Petrified and Painted On Route 66
The Wigwam Motel, quirky rock shops and cement dinosaurs. Yep, these are a few of the former Route 66 landmarks at our next stop near Holbrook, AZ, another town bypassed when I-40 was constructed.
One of these landmarks gained renewed notoriety when Gayle King and Oprah Winfrey did a cross country trip in 2006. Their plan was to stay at the Wigwam Motel. However, when Oprah realized there weren’t enough tepees for her 18 crew production staff, they moved to a nearby hotel. Hmmm, wonder if that was just an excuse?
Although the town suffered a major loss in tourism when the new highway was constructed, two nearby major attractions have always drawn tourists to the area – the Petrified Forest National Park and the adjacent Painted Desert National Park. Although we had booked the OK RV Park in Holbrook for three days, we managed to see both natural wonders in just one day. The fee which is paid at the Entrance Station is $20 for a 7 day pass, but it is free if you have a Federal Senior or America the Beautiful Pass.
What is now the arid dry, desert land of Arizona was once a hot, humid, lush and green prehistoric rain forest located near the equator. During the Triassic Period, 225 million years ago, this was a land of abundant vegetation where dinosaurs and reptiles roamed and fish, clams, snails and crayfish populated the rivers. Giant conifers reached high into the skies. But then the continents drifted and the climate changed, burying the river system, the plants and the animals under layers of sediment. As the trees died or were knocked down by the wind or water, many were buried beneath layers of silt, mud, sand and volcanic ash which protected them from decay. These buried logs soaked up groundwater and silica from volcanic ash that over time crystallized into quartz, slowly bonding with the cells of the tree replicating the organic material in perfect detail. Over millions of years, the forces of wind and water eroded the rock layers and exposed the fossilized plants, animals and pine forest remnants. Looking at the brilliant hues and patterns of yellow, red, black, blue, brown, white and pink created by the different trace minerals (iron, carbon and manganese) in the silica, it’s so hard to believe that these logs were once common trees and made of wood.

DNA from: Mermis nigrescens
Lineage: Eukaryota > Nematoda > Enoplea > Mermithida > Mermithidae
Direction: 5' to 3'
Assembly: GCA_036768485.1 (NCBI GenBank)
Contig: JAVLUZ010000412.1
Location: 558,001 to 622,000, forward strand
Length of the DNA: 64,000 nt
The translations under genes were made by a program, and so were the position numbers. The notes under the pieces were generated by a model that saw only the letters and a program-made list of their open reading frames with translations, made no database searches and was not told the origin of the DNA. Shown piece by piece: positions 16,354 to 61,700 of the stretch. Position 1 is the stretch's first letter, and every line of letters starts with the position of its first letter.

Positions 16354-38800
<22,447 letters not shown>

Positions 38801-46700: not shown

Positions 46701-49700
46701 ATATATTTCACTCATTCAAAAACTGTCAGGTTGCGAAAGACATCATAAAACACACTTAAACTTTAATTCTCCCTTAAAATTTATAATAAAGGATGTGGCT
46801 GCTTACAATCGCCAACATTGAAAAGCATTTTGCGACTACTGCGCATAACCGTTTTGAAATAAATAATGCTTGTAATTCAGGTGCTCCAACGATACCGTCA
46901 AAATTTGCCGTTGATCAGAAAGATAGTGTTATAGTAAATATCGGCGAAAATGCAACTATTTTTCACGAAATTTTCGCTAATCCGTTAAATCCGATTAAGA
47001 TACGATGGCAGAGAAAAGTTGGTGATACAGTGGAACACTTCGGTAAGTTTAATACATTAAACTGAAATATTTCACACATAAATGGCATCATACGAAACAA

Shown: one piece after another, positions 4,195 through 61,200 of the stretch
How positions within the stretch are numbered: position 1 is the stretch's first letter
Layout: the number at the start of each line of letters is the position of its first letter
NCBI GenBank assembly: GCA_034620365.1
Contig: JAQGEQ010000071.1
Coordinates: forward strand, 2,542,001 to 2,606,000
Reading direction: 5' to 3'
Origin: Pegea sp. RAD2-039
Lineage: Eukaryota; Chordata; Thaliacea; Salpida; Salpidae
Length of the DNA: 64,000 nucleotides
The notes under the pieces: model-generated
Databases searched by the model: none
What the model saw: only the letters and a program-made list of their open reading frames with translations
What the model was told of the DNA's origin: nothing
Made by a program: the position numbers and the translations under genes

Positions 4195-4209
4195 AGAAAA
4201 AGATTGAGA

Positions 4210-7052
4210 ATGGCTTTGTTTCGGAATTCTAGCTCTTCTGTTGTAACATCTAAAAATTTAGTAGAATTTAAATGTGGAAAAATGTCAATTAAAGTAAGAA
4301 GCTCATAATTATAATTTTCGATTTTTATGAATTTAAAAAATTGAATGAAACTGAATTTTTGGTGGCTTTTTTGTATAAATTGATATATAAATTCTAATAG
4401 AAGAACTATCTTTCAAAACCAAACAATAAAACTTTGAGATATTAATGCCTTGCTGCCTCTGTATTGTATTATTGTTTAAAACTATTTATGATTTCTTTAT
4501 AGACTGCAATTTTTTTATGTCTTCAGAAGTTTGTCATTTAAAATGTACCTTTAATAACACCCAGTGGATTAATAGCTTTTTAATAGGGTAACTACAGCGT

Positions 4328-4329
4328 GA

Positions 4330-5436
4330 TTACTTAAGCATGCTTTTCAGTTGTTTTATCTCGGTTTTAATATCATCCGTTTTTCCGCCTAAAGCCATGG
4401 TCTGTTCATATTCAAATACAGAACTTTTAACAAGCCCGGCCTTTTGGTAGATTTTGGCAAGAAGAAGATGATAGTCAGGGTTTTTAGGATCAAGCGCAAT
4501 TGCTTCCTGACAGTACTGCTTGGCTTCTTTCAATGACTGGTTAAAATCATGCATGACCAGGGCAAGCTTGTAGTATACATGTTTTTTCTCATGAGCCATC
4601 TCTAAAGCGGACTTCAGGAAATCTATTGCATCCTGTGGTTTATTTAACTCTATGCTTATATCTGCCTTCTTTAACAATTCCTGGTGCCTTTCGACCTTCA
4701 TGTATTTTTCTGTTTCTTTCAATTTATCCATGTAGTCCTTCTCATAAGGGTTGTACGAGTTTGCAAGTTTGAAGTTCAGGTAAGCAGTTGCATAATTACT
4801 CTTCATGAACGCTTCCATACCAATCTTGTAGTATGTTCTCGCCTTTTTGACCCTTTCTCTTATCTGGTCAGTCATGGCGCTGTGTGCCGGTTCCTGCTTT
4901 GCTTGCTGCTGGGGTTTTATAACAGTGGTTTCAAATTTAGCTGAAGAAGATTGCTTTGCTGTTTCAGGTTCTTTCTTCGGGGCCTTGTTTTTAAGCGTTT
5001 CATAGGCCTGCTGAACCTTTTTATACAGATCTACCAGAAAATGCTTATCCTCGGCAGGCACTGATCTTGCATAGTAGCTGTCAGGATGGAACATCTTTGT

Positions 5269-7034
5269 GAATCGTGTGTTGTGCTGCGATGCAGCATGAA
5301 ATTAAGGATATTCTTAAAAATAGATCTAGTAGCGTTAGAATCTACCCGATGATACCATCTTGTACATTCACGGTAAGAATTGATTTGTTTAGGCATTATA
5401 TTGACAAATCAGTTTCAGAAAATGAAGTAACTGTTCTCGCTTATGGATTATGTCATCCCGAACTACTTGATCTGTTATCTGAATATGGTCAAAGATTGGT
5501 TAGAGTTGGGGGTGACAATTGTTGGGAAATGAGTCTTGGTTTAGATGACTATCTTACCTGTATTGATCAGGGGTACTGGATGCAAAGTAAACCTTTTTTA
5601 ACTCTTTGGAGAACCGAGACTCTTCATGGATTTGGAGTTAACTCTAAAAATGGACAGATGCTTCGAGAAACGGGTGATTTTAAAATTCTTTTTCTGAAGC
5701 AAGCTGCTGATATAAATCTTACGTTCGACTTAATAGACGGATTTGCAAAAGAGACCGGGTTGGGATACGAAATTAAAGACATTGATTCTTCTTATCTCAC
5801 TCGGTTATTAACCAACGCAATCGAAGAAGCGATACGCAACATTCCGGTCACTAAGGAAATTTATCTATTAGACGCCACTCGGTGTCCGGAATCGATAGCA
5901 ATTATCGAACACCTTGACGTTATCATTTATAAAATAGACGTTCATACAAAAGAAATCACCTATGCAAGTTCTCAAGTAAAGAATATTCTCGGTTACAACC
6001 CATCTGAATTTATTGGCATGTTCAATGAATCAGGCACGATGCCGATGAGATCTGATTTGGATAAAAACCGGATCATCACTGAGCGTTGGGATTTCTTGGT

That is what we learned at the Rainbow Forest Museum at the southern entrance to the park, off US-180. Here, in addition to visitor information there is a bookstore and a free 20 minute orientation film, Timeless Impressions, which is shown continuously. There were numerous paleontological exhibits including a variety of skeletal displays of prehistoric animals.
The weather during our visit was slightly overcast and cool, perfect for touring this desert terrain. Beware that other times of year will bring very hot temperatures and also crowds, so if possible we recommend visiting during the cooler and less popular times of year.
Not to be missed, behind the Museum is the Giant Log Trail, a .3 mile self guided trail marked with numbered posts that correspond to information found in the Giant Logs Trail Guide. One of the highlights along the trail was “Old Faithful”, a log which measures 35 feet long and weighs approximately 44 tons! Speaking of weight, did you know that petrified wood weighs approximately 160-200 pounds per cubic foot? Heavy stuff!
One marker on the trail points out “badlands”. No, bad people don’t live here, this is an “area of soft rock strata that is cut and eroded into many gullies and irregular shapes where vegetation cannot take hold.” Who knew!
There were several other trails but instead we hopped in the car to drive the loop, a 28 mile road that connected the two parks. Of course, as with every scenic drive, it was slow going because we stopped at each of the scenic vistas along the way. Petrified wood was scattered everywhere but beware it is against the law to remove even a small fragment.
Agate Bridge is a 100 foot long petrified log bridge. Pretty cool! Blue Mesa features a 3.5 mile loop road through vibrant badlands where the landscape is layered with thick deposits of grey, blue, purple, and green mudstones and minor sandstone beds.
At Newspaper Rock there are displays of over 650 petroglyphs, some over 2000 years old. Because they were quite a distance away, they were only viewable through the provided telescope or with binoculars.
The Village on the Rio Puerco River (or Puerco Pueblo, for short) is a single story settlement built of shaped sandstone blocks by ancestral Puebloan people. It was inhabited between 1250 and 1380 and at its peak had over 100 rooms which had no doors or windows in the exterior walls and was home for approximately 200 people.